Interview with BPF16 exhibitor Martin Seeds
(image: Assembly vi by Martin Seeds, 2016)
For his Brighton Photo Fringe exhibition at The Regency Town House Martin Seeds exhibits a series of works taken on the grounds of the Stormont Estate, the home of the Northern Ireland assembly. We ask him a few questions about this project and what photography means to him..
Can you tell us a little about your earliest experiences with photography and what drew you to the medium? What images inspired you at that time?
While I was growing up my father always had still and cine cameras around. I remember he had a Polaroid Swinger, a 6x9 Coronet and Super8 film camera –I think he was more interested in the gadgetry than image making. A while back he gave me the Coronet, the Super8 and my Grandfather’s tin box camera. As a teenager I was always involved in outdoor activities like rock climbing and hill walking, which was a way to stay clear of the violence on the streets of Belfast. My friends would take their cameras on our outdoor trips so I joined in - my first camera, an East German made 35mm Praktica. On my trips to the mountains I would take my Praktica and make pictures of my friends, the things we got up to and the occasional landscape. It was all a bit of a fantasy escape from the real issues that were going on around me in Northern Ireland at the time.
How has your relationship with photography evolved since then?
I came to London in the mid 1980s and I focused on my I.T career. I did not make any photographs for decades until I fell in with some artists and started going to a lot of art exhibitions. The artwork that made me think differently about photography was Jens F by Collier Schorr (2002). Since then I started collecting photographs, visiting more galleries and eventually I took some night classes and began developing and printing my own photographs. In 2008 I took a break from my I.T career and studied for a BA in Photography. The course improved my image making skills and opened up my eyes to contemporary photographic practices. I have always been interested in technology and although I don’t make work about technology I like to know how to manipulate it to reinforce some idea or concept within my work. I recently completed my Masters in Photography at the University of Brighton which helped me further refine my practice interests and gave me time to develop ideas and create new work.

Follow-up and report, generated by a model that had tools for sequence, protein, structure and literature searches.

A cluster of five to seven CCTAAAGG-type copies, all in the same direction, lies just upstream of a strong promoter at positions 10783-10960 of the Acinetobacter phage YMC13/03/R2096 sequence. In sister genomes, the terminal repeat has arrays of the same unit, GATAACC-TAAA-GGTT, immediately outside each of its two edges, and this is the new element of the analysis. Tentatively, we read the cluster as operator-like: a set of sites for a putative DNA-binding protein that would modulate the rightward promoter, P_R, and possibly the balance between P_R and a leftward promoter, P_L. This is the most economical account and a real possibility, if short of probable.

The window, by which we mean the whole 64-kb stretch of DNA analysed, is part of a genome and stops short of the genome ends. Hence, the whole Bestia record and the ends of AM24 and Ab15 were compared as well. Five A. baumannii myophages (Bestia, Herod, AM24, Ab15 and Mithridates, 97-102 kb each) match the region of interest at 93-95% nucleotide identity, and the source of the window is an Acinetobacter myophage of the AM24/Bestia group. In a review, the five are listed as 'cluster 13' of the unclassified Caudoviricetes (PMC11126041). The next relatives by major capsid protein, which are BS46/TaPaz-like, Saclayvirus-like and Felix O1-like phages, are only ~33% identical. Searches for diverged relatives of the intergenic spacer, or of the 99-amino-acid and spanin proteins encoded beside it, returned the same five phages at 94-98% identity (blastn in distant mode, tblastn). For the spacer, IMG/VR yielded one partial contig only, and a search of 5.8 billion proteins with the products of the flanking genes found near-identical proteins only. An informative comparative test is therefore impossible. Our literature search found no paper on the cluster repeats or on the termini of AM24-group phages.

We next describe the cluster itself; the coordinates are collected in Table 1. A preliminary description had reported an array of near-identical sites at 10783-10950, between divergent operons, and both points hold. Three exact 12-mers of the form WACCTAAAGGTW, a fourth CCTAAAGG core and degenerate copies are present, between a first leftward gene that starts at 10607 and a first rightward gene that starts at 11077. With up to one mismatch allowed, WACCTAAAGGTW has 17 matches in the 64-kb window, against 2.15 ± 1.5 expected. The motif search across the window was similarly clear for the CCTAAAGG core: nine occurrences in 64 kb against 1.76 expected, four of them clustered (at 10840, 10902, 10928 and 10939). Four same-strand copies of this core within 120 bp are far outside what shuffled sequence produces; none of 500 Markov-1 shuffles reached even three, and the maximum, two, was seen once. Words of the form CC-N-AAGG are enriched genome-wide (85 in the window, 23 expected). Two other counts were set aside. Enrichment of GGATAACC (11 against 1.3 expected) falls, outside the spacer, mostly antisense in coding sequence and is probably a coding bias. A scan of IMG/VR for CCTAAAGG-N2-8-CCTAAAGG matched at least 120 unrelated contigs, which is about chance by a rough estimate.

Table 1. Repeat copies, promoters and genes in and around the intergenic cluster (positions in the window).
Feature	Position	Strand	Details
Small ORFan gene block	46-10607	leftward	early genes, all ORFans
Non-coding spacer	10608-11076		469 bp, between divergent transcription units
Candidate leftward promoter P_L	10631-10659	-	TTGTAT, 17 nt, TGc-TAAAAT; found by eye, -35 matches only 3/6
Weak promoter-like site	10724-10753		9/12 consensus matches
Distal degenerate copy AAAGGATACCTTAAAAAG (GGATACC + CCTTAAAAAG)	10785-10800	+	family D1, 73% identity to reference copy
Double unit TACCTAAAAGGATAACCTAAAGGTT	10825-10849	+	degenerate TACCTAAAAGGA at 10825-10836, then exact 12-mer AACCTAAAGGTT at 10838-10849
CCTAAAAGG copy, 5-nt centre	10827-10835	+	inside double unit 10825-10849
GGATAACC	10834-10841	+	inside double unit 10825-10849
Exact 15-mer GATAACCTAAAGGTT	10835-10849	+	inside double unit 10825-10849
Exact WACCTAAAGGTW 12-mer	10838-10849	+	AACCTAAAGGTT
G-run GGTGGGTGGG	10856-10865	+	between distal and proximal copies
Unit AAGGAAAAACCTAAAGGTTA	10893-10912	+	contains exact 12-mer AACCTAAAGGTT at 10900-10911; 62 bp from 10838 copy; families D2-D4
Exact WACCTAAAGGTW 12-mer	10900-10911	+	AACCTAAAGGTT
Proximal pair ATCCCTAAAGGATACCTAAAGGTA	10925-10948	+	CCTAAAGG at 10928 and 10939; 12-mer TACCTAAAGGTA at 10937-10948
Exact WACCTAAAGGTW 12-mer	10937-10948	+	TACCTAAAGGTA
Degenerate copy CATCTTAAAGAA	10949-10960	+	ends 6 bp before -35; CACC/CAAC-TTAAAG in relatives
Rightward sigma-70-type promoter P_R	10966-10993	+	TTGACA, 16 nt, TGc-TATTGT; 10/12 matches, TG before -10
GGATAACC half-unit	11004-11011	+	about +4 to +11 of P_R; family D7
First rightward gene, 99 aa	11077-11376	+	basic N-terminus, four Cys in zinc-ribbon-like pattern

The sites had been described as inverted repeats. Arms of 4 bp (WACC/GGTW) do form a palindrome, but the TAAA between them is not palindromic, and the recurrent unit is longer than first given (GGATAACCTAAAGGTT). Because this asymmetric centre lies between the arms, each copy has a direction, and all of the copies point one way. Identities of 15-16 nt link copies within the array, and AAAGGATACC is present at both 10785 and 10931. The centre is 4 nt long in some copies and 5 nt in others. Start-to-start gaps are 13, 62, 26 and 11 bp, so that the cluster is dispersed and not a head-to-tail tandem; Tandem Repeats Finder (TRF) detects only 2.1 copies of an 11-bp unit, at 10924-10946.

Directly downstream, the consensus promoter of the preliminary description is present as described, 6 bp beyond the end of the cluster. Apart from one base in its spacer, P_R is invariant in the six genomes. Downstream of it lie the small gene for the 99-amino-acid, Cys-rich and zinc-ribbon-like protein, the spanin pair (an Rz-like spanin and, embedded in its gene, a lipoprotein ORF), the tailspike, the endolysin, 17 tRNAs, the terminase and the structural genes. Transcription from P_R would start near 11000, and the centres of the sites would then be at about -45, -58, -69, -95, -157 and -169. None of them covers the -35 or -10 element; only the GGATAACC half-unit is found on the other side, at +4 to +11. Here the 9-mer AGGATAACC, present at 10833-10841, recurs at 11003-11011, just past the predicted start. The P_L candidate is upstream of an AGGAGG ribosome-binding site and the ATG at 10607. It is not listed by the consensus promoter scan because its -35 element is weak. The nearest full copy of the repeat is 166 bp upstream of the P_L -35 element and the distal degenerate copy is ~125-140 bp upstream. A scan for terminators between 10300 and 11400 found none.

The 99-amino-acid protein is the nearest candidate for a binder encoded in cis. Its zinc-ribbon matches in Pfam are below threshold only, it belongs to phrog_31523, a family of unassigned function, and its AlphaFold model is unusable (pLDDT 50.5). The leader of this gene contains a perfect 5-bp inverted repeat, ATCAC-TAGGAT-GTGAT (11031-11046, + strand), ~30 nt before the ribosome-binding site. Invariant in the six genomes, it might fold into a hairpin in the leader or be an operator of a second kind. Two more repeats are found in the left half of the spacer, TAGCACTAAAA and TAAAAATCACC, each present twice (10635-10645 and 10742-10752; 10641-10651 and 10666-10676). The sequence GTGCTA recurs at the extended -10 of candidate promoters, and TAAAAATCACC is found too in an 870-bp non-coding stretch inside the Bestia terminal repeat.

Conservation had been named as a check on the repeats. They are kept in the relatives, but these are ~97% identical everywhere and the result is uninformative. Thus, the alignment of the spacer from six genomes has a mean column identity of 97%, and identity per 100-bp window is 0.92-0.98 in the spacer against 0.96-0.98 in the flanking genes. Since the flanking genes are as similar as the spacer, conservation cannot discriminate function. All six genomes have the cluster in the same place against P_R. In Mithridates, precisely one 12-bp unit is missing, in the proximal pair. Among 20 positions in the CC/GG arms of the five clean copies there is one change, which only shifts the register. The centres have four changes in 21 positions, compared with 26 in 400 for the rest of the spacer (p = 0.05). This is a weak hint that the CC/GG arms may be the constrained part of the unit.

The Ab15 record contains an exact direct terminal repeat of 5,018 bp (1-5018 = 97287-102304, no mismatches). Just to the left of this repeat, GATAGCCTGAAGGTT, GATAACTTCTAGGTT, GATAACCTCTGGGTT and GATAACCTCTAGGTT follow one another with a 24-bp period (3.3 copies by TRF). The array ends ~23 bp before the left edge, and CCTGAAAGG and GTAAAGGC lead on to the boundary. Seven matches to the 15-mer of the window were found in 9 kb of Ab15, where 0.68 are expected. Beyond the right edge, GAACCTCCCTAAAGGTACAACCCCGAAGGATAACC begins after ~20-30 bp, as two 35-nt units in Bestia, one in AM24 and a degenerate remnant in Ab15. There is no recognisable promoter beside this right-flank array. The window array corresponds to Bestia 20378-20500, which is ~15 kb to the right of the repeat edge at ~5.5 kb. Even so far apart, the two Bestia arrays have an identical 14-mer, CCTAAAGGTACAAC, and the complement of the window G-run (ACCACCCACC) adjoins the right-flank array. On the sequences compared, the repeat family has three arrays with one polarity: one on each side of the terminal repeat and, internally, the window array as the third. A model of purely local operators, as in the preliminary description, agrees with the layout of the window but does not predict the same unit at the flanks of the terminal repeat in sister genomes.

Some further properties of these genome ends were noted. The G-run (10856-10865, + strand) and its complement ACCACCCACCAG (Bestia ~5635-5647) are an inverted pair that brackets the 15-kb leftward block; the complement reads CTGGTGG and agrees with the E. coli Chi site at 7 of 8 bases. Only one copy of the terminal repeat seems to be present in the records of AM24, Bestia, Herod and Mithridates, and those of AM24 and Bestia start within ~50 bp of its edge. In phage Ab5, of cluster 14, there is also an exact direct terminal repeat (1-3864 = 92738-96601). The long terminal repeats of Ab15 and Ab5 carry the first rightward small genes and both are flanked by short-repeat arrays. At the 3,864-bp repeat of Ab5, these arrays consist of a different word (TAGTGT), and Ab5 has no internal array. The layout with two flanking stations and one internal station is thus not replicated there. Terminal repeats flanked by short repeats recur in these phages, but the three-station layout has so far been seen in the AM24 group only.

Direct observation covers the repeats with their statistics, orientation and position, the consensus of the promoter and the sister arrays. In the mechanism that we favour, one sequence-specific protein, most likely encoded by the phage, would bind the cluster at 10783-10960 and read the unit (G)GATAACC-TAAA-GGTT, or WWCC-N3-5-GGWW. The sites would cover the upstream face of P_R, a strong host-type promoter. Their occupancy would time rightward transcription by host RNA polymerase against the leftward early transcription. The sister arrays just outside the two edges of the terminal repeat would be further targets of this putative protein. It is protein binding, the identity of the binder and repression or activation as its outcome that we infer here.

Where do you find inspiration? How do you find your ideas?
I visit Northern Ireland a lot and draw on the experiences from my visits. It is important for me to keep abreast of current news events and I regularly visit exhibitions, attend artist talks and also seminars on Irish studies, technology and the arts. I like to read and research from photography and academic journals, articles related to my practice interests (post conflict Ireland, identity, nationalism vs tribalism).